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2016 F1

10 Things We Learned From 2016 Bahrain GP

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F1 2016 Bahrain Grand Prix - Nico Rosberg dominates another race

F1 2016 Bahrain Grand Prix – Nico Rosberg dominates another race [Picture Credit: MercedesAMGF1]

The Formula 1 Gulf Air Bahrain Grand Prix delivered what the fans had been waiting for after a thrilling start to the 2016 campaign. There were plenty of ups and downs in the race and here we have listed the best ten:

Nico Rosberg dominates another race

Nico Rosberg cruised to second straight victory of the season in two races as he contested a flawless performance at the 2016 Bahrain GP under the floodlights. The win takes him 17 points clear of the reigning world champion and Mercedes team-mate Lewis Hamilton and most importantly keeps his momentum alive since losing the title to the Briton last October with five consecutive wins.

The German had the complete control over the race after making a perfect start at the lights and leading into the first corner. Although Kimi Raikkonen’s Ferrari was not far behind in the end, Rosberg worked his strategy to perfection and emerged victorious. Behind him, the race was action-packed.

Lewis Hamilton’s woeful starts continue:

Lewis Hamilton failed to convert another pole into a race victory when he botched the start and bogged down early. He was dropped to the midfield after making contact with Williams’ Valterri Bottas, who received a drive through penalty, and was forced to fight back through the field with a damaged car. His troublesome start meant that he had to content with only the bottom step of the podium and in turn lost valuable points to his Mercedes team-mate and current championship leader Nico Rosberg. He has to get his race starts right in order to win races from next time onwards.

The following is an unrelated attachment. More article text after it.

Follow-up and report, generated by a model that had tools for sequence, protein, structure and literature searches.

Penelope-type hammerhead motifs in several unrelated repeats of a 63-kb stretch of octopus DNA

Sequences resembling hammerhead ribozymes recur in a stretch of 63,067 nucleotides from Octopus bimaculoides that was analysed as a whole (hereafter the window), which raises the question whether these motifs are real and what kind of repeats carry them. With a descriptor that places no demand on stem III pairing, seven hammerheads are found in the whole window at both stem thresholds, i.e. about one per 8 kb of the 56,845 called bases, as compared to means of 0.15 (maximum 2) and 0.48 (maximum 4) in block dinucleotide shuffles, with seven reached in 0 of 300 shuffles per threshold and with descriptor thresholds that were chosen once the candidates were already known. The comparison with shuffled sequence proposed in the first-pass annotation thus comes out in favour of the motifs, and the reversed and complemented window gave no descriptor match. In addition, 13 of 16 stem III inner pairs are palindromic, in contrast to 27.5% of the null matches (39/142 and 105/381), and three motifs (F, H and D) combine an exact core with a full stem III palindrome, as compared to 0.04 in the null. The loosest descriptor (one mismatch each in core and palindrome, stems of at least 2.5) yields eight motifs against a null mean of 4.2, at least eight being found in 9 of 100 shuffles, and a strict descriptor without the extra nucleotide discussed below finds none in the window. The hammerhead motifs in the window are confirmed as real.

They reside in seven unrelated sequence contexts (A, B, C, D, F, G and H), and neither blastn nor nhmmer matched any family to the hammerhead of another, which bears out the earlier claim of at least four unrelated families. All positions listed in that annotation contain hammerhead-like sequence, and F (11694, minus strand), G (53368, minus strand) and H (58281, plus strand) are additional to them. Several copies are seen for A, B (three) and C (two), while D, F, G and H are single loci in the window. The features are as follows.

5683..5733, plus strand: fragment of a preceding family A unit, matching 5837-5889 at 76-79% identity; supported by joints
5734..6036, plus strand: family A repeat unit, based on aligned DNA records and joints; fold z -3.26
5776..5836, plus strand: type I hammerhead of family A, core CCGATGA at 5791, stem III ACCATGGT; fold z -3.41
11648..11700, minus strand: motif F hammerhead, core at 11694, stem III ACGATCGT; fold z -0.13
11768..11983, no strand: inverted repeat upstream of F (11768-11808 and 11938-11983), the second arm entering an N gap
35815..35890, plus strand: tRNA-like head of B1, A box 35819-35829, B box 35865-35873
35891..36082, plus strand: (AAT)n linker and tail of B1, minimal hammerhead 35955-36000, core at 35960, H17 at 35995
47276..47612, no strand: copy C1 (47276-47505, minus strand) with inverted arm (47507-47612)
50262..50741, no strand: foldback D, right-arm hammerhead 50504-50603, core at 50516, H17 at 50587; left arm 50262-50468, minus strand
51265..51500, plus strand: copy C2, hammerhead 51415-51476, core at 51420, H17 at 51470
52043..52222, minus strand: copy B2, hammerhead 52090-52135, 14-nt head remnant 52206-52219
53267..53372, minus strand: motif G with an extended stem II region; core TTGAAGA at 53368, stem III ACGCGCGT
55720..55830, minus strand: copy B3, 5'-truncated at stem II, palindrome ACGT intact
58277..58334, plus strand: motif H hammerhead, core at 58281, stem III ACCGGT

Romain Grosjean proves his worth:

Thanks to two entertaining races, the new qualifying system has largely been overshadowed. Romain Grosjean delivered more than what his team boss Gene Haas would have hoped for on its debut but to do it again in Bahrain took some courage.

Haas’ sixth-place finish at Albert Park had the element of luck running in their favour but it was down to Grosjean’s brilliant driving to secure fifth at Sakhir. Even with a troubled pitstop, the Frenchman’s car had enough stamina left in it to cross the finish line ahead of Toro Rosso’s Max Verstappen. The instant hit of Haas may very well open doors for customer cars in F1 in the future.

Sebastian Vettel’s misfortune:

What shaped up to be a tantalising GP at the front was left in disappointment when Sebastian Vettel’s engine failed in the formation lap. This brings Ferrari’s reliability on focus as Raikkonen retired a fortnight earlier in Australia with engine related issues. This meant, the Maranello-based squad are down on constructors’ championship-leading Mercedes by 50 points. With the SF16-H having all the potential to become a close contender for Mercedes, Ferrari really need to iron out the poor reliability to bag as many points as they can.

Pascal Wehrlein shines for Manor: